French ‘center’-Right flirts with nazis


This video says about itself:

11 March 2018

US President Donald Trump’s former chief strategist has told the French National Front party it should accept accusations of racism with pride.

Steve Bannon praised party leader Marine Le Pen for what he called “her vision that pits nationalists versus globalists”.

Al Jazeera’s David Chater reports from Lille.

Another video used to say about itself:

The Rise Of The National Front – France

At Jean Monnet High School, France, girls dance to celebrate National Racism Education Week. It’s a multicultural display that’s increasingly rare in the southern town of Vitrolles. In local elections the National Front won an outright victory of more than 50%. The rhetoric of the Front is darkly reminiscent of the Nazis: immigrants are criminals and inferior. Already migrants in Vitrolles are under curfew. Before the National Front took control families would sit and play outside together, says local SOS Racism president Nadia Salsédo. Nadia, who was born in Tunisia, still goes to work but her social worker job is under threat.

By Anthony Torres:

French Gaullist UMP party moves closer to neo-fascist National Front

25 September 2013

Last week, former Prime Minister François Fillon said that he no longer excluded the possibility that his right-wing Gaullist UMP (Union for a Popular Movement) could support a neo-fascist candidate of the National Front (FN). This highlights the rapid shift of the UMP, like all France’s other political parties, to the extreme right.

Fillon had on previous occasions declared that [it was] “out of the question to crawl before the extreme right”. Last year, he led a faction fight within the UMP against tendencies supporting Jean-François Copé, who called for an “unabashed” conservative movement with closer ties to the FN.

However, Fillon said last week that, in run-off votes between the ruling Socialist Party (PS) and the FN in next May’s municipal elections, he recommended “voting for the least sectarian candidate”. He thus legitimized voting for the FN in the second round.

Geoffrey Didier, the co-founder of the Strong Right tendency, created by ex-far right activists who supported Copé’s candidacy against Fillon as UMP First Secretary, welcomed this shift, calling it “an ideological victory” for its tendency. “We have always said that a part of our mission was to go towards FN voters, to address ourselves to them. The turn of François Fillon is truly an ideological victory for the Strong Right,” he said.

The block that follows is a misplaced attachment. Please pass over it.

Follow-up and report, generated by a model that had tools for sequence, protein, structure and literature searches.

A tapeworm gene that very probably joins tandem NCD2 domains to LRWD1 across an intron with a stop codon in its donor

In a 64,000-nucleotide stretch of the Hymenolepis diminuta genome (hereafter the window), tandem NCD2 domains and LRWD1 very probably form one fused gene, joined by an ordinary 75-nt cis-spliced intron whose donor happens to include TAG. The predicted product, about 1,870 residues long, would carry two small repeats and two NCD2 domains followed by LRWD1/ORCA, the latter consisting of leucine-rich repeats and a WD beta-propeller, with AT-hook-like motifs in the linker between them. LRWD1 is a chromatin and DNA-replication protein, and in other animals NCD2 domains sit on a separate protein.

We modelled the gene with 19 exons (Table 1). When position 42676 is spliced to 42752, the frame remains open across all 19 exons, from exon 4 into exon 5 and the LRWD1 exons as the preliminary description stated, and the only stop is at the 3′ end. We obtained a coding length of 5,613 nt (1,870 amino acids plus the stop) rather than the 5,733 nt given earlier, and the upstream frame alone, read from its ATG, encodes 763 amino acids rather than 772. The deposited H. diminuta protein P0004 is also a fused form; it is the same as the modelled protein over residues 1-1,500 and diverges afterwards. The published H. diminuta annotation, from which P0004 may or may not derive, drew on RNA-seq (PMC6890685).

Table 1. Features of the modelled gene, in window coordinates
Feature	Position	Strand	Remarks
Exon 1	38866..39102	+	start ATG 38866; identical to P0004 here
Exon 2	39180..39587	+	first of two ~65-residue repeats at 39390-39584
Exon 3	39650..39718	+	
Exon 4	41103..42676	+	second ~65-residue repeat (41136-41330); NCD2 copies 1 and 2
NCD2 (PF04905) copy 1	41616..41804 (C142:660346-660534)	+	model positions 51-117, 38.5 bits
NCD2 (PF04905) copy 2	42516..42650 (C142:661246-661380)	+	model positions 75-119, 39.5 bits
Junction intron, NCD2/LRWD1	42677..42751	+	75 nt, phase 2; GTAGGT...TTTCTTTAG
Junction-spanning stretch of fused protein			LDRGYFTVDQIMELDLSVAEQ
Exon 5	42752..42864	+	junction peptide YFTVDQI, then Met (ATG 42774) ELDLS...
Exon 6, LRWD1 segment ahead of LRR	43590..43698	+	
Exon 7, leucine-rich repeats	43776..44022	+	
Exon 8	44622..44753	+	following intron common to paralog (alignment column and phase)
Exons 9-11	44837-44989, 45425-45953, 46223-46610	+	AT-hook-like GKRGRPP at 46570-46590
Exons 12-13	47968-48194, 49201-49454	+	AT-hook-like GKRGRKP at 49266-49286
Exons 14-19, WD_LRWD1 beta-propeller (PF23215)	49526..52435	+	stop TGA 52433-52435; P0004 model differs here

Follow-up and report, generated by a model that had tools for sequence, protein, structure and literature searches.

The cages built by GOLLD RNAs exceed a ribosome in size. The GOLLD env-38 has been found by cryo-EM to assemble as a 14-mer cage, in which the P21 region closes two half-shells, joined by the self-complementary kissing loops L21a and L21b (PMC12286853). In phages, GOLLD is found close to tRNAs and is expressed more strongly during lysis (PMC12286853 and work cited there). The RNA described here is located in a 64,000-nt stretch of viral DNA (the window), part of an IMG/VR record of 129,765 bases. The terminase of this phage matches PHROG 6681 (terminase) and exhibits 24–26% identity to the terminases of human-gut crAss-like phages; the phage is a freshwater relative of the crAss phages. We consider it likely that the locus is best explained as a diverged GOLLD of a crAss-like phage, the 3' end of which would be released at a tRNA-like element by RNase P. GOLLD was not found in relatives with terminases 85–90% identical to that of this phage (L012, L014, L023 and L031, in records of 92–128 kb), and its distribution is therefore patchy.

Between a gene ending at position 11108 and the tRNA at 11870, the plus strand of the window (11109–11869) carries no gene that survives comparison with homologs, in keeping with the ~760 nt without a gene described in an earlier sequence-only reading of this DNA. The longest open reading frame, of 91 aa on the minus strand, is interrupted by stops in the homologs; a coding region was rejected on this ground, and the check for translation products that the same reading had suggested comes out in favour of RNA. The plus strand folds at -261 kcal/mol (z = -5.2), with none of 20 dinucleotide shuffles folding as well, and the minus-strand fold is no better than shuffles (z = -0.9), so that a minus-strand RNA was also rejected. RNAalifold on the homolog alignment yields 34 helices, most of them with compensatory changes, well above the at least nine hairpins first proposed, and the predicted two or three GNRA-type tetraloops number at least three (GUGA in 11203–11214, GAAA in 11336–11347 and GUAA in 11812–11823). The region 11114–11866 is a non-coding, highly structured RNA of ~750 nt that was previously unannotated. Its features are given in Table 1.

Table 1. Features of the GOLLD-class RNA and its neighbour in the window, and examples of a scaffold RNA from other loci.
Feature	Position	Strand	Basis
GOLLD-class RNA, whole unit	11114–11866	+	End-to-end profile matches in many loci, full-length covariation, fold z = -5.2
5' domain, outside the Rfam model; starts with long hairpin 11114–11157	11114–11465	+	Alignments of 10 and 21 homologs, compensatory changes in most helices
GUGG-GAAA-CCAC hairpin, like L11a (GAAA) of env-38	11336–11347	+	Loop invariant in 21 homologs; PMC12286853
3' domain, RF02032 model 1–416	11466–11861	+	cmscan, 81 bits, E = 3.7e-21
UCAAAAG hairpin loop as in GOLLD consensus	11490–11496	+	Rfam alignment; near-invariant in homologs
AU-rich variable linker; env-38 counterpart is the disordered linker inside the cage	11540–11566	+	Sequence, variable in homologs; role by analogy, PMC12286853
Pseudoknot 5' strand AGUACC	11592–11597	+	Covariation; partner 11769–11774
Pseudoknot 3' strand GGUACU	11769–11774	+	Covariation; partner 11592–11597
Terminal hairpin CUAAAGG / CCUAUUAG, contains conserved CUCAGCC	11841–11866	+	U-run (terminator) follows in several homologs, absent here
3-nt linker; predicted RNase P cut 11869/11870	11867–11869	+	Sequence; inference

The UMP parliamentary deputy, Thierry Mariani, one of the founders of the Popular Right which is also on the right of the UMP, announced “with satisfaction that François Fillon has evolved with regard to his position on the FN.”

This strategy currently has right-wing voters’ support. A BVA poll shows that 70 percent of right-wing sympathisers support Fillon’s change in strategy, including 72 percent of UMP sympathisers.

Fillon’s about-face led to protests from some UMP leaders, however. Former Prime Minister Jean-Pierre Raffarin, who supported Fillon against Copé last year, declared: “Red alert! The FN is a subject which could explode the UMP. It is our foundational pact which is being questioned.”

These remarks are cynical, because Raffarin when Prime Minister attacked the social gains of workers while encouraging anti-Islamic policies—such as the banning of the Islamic veil in schools—which has favoured the rise of the FN over the last decade.

However, the division inside the UMP is the reflection of profound class tensions which are developing within French and international politics. Weakened by a deep economic crisis and the growing opposition of workers to austerity and war, expressed in France by the massive hostility of the population towards the PS government, the capitalist class is moving towards fascism.

In order to divert workers’ discontent, successive governments adopted a chauvinistic, law-and-order agenda to divide the working class. When in opposition, the PS supported the UMP’s reactionary policies–numerous counter reforms of state pensions, the debate on “national identity”, the banning of the veil and burqa, and the wars in Syria, Libya, in the Sahel and on the Ivory Coast. These policies shifted the political atmosphere further to the right, facilitating the FN’s rise.

The UMP—caught between the FN and the PS, whose politics are lurching to the right—has chosen to move closer to the FN, trying to differentiate itself from the PS and present itself as the main opposition party. The FN leader, Marine Le Pen, described this dynamic by referring to the FN as “the centre of gravity of French politics.”

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12 thoughts on “French ‘center’-Right flirts with nazis

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